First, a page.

Explore – Women in Computing: a British Perspective

Explore – Women in Computing: a British Perspective

The National Museum of Computing and Google have worked together to chart the history of women’s involvement in computer science.

The project covers the time from Ada Lovelace (generally recognised as the world’s first computer programmer) to the peak of female employment in computer science in the 1980s, and the subsequent decline of women working in the field (in 2008 women accounted for less than 15% of IT professionals!).

Computing is too important to be left to men.Karen Spärck Jones

Here are a few highlights from the project.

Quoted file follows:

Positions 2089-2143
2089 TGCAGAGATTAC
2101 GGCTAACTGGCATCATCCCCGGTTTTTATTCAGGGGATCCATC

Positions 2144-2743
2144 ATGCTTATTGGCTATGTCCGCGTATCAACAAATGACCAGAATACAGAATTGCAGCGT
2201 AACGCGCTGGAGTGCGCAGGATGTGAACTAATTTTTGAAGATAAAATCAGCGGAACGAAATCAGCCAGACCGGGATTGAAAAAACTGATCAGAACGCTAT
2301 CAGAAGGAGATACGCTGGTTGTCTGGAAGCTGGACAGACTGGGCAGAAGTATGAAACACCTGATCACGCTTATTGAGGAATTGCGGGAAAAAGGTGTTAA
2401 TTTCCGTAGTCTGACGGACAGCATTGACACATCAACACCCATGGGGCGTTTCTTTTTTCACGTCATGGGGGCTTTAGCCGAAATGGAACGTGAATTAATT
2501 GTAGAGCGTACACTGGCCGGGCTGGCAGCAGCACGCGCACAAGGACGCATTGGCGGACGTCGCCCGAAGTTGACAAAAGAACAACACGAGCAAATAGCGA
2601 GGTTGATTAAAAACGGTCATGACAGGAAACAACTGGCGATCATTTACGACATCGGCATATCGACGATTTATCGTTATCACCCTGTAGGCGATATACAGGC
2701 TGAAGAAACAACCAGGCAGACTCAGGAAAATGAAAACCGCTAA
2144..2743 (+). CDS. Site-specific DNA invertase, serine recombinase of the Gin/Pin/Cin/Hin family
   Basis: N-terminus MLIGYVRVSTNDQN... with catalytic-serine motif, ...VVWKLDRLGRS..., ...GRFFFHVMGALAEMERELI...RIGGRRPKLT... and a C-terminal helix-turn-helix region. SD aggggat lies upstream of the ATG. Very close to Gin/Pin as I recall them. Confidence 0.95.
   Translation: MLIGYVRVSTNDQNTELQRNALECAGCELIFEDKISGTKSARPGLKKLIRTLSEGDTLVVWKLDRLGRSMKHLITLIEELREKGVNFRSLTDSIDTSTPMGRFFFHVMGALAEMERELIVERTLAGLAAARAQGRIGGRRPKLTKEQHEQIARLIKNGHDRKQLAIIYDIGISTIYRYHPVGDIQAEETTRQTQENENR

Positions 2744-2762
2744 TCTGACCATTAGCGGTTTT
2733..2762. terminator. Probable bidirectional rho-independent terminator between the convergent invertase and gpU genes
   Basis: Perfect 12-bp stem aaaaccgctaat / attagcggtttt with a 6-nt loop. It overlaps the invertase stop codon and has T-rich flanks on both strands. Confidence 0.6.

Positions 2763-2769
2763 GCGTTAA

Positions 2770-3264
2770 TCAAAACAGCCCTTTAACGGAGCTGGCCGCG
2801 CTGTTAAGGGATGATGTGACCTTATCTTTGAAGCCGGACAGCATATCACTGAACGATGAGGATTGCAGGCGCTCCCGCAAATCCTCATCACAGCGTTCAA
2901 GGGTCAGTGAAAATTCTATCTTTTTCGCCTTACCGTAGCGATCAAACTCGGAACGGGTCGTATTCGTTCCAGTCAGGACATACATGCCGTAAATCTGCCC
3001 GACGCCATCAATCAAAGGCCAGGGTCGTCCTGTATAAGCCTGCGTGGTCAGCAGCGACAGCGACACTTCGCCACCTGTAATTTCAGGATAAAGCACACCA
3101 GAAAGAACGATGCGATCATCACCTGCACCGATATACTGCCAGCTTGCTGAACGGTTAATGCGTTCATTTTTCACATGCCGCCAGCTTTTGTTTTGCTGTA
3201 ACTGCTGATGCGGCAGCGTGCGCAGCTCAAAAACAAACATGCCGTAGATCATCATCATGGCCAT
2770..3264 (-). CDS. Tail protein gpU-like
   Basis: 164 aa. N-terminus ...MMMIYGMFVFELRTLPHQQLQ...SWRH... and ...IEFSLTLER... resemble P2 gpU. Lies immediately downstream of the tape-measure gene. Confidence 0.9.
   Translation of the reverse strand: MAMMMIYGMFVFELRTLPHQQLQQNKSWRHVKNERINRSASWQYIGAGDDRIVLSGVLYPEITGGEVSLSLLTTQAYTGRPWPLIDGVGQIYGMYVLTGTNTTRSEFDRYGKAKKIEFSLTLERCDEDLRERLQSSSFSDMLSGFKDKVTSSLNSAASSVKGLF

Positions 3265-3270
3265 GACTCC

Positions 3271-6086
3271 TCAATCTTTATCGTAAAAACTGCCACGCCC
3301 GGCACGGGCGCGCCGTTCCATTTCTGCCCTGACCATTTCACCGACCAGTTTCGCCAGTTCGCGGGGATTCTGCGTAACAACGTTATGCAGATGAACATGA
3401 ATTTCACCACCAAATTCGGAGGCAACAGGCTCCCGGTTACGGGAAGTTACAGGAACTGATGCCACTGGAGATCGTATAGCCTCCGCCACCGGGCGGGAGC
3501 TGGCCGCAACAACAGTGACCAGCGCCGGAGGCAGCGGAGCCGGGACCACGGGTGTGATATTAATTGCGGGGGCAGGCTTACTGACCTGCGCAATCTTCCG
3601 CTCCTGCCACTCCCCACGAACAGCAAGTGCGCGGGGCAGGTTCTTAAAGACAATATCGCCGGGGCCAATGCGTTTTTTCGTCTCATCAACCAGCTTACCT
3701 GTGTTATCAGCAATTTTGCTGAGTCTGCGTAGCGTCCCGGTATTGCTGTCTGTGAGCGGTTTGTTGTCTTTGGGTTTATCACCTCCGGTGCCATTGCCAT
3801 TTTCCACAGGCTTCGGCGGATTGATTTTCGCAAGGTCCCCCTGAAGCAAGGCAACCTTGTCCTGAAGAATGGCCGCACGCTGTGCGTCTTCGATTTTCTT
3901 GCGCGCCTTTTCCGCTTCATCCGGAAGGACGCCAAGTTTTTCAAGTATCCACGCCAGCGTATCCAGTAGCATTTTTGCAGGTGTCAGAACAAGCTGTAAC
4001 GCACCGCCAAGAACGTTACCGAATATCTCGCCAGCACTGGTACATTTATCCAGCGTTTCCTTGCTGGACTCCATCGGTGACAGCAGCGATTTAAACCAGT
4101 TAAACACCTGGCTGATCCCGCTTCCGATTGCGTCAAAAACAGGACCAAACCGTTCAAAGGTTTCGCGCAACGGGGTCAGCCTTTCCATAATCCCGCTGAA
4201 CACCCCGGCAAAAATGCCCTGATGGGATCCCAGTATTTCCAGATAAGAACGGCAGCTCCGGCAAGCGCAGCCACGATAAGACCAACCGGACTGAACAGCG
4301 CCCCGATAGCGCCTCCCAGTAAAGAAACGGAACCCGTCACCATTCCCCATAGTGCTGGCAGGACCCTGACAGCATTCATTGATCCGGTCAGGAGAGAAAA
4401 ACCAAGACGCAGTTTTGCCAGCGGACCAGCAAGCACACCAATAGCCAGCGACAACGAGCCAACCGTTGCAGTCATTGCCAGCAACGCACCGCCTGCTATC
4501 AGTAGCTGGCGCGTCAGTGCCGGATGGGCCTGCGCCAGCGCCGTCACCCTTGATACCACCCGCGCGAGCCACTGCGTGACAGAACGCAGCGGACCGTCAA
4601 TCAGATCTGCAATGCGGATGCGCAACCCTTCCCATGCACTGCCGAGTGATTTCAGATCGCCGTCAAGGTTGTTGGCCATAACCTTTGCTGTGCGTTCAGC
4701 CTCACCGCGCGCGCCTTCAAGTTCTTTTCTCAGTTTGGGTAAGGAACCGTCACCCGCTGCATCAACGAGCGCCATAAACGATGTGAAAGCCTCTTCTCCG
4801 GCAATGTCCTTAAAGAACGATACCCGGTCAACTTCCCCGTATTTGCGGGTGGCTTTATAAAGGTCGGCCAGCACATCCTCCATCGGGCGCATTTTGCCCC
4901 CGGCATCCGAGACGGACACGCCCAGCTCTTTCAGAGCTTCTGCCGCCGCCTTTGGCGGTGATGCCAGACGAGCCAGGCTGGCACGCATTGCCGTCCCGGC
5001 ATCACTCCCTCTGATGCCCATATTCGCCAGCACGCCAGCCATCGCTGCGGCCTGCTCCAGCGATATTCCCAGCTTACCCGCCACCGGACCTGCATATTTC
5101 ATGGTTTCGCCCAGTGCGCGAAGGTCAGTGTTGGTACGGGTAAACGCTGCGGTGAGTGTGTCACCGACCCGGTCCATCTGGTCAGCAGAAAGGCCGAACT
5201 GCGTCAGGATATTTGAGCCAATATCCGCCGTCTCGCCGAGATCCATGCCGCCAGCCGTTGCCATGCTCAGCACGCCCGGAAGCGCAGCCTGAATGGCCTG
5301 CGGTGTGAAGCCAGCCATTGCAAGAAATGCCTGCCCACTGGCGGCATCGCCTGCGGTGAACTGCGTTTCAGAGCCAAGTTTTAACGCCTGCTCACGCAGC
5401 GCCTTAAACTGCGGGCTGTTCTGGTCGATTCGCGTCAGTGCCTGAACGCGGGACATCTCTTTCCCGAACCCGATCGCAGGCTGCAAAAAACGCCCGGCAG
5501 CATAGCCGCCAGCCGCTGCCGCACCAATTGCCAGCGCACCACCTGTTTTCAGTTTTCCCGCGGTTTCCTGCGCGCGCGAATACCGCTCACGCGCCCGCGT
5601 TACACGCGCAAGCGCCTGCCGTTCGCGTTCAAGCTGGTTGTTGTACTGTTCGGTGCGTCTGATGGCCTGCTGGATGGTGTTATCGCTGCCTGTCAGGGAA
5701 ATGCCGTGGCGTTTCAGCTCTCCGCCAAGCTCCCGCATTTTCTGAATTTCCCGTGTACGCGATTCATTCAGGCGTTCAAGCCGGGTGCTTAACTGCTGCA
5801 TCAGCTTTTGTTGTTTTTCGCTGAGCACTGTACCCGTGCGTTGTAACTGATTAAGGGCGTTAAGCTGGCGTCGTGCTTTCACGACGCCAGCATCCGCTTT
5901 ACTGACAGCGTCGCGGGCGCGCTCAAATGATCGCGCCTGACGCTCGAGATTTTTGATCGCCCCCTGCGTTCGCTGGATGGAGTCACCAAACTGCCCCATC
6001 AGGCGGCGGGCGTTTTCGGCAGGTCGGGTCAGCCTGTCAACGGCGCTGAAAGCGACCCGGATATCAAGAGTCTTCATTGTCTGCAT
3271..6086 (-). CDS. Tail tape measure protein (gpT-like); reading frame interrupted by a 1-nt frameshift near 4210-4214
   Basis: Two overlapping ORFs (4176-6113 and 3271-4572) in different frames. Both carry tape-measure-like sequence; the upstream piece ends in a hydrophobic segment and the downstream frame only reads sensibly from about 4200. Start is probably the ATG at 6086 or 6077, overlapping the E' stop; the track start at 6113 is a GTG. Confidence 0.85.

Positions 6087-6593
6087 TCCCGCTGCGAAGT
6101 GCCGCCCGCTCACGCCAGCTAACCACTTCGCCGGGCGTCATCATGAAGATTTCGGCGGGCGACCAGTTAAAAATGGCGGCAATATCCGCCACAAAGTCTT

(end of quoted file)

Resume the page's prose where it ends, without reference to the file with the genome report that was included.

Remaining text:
Dame Stephanie Shirley – founder of one of the UK’s first software startups which was dedicated to employing women software developers working part-time from home. It went on to be hugely successful and helped 70 women become millionaires

Mary Coombs, a programmer for LEO, the Lyons Electronic Office which was the world’s first business computer

Joyce Wheeler – a researcher at Cambridge University who was on of the first users of the EDSAC – a first general purpose stored program computer in the UK.

Margaret Marrs – senior operator of EDSAC.

You can view the full project below.

Visit “Women in Computing: a British Perspective”

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